Once communication linkages have been established between India and Bangladesh, they can be further extended to the countries that are within or outside the region. Article XII of the South Asian Preferential Trade Arrangement (SAPTA) signed in 1993, provides for "developing and improving communication system, transport infrastructure and transit facilities for accelerating the growth of trade within the region." The Technical Committee on Transport and Communications of SAARC has been looking into this issue. In December 1996, Nepal had presented an approach paper in the SAARC Council of Ministers meeting on the feasibility of sub-regional cooperation among Nepal, Bhutan, Bangladesh and India in the form of growth polygons. The region not only shares the geographical features of mountains, jungles and rivers and landlockedness in the case of Nepal and Bhutan but also the ecological hazards emanating from floods along with economic backwardness and poverty.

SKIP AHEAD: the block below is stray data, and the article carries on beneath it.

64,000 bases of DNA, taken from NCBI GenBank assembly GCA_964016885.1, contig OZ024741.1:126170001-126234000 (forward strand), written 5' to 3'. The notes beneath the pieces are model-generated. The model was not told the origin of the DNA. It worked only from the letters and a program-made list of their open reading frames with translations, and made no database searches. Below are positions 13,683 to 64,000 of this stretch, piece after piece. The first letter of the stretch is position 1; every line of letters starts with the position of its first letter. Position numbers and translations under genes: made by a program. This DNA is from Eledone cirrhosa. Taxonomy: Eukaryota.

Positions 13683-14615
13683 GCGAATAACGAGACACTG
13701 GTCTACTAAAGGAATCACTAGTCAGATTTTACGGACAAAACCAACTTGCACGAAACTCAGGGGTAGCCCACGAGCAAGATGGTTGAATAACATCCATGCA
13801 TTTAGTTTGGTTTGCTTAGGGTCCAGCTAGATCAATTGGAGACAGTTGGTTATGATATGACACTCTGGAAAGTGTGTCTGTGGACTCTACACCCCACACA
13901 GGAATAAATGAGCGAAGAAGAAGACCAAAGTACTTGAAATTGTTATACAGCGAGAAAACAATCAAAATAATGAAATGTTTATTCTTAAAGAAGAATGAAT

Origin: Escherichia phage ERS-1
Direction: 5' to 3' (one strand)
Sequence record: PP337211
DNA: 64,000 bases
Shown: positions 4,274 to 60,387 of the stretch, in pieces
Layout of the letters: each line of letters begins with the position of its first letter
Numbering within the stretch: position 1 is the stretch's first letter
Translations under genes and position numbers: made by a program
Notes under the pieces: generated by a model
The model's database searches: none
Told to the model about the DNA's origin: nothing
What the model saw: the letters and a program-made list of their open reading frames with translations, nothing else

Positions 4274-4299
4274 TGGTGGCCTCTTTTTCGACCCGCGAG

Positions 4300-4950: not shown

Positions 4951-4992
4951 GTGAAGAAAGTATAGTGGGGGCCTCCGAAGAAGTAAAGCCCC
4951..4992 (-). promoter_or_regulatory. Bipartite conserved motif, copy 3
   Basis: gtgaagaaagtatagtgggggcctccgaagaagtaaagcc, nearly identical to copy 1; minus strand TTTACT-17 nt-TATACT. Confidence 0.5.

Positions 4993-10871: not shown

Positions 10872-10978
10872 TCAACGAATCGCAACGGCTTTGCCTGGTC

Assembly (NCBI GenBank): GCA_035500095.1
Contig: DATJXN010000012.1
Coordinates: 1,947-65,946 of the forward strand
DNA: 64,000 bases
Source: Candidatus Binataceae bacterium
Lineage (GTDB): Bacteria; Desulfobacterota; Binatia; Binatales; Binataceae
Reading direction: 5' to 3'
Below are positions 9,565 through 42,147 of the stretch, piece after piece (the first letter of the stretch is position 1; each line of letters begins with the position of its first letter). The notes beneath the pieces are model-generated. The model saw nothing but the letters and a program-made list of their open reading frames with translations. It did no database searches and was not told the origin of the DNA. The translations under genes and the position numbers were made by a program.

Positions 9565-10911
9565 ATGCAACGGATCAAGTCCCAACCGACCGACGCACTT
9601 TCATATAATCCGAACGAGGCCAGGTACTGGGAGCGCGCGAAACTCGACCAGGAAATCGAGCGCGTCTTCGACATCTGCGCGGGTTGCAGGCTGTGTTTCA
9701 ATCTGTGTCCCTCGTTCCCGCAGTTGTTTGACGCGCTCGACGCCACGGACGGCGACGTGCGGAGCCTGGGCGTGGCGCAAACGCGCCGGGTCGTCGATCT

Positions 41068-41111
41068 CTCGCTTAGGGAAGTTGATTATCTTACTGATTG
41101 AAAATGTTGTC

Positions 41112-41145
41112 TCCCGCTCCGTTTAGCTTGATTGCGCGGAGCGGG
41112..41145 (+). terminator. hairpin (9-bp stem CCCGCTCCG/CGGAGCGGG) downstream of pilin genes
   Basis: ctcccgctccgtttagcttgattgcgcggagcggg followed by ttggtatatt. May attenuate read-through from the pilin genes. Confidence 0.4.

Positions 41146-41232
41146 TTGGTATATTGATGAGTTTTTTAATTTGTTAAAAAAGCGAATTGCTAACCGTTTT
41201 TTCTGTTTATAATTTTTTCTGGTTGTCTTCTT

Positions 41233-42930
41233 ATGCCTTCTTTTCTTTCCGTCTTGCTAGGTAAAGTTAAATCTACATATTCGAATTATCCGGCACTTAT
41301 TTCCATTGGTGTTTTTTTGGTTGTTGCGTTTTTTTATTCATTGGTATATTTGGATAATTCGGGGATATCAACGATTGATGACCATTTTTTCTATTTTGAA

In the Colombo Summit (1998), the SAARC members encouraged the development of specific projects relevant to the individual needs of three or more member states under the provisions of Articles VII and X of the Charter. Article VII of the Charter states, "The Standing Committee may set up Action Committees comprising member states concerned with implementation of projects involving more than two but not all member states." Hence, individual projects concerning inland waterways or road or rail links can be taken up for improving the communication linkages in the region. There are immense possibilities for improving the transportation facilities in specific areas like inland waterways and coastal shipping, rail and roadways, and in developing infrastructural facilities like containerisation, multi-modal transport, establishment of inland container depots and container freight stations.18 This would also help the communication linkages to take a multilateral character from the bilateral level and would give a psychological safeguard to the smaller countries from a dominant neighbour who would be forced to act within a regional framework.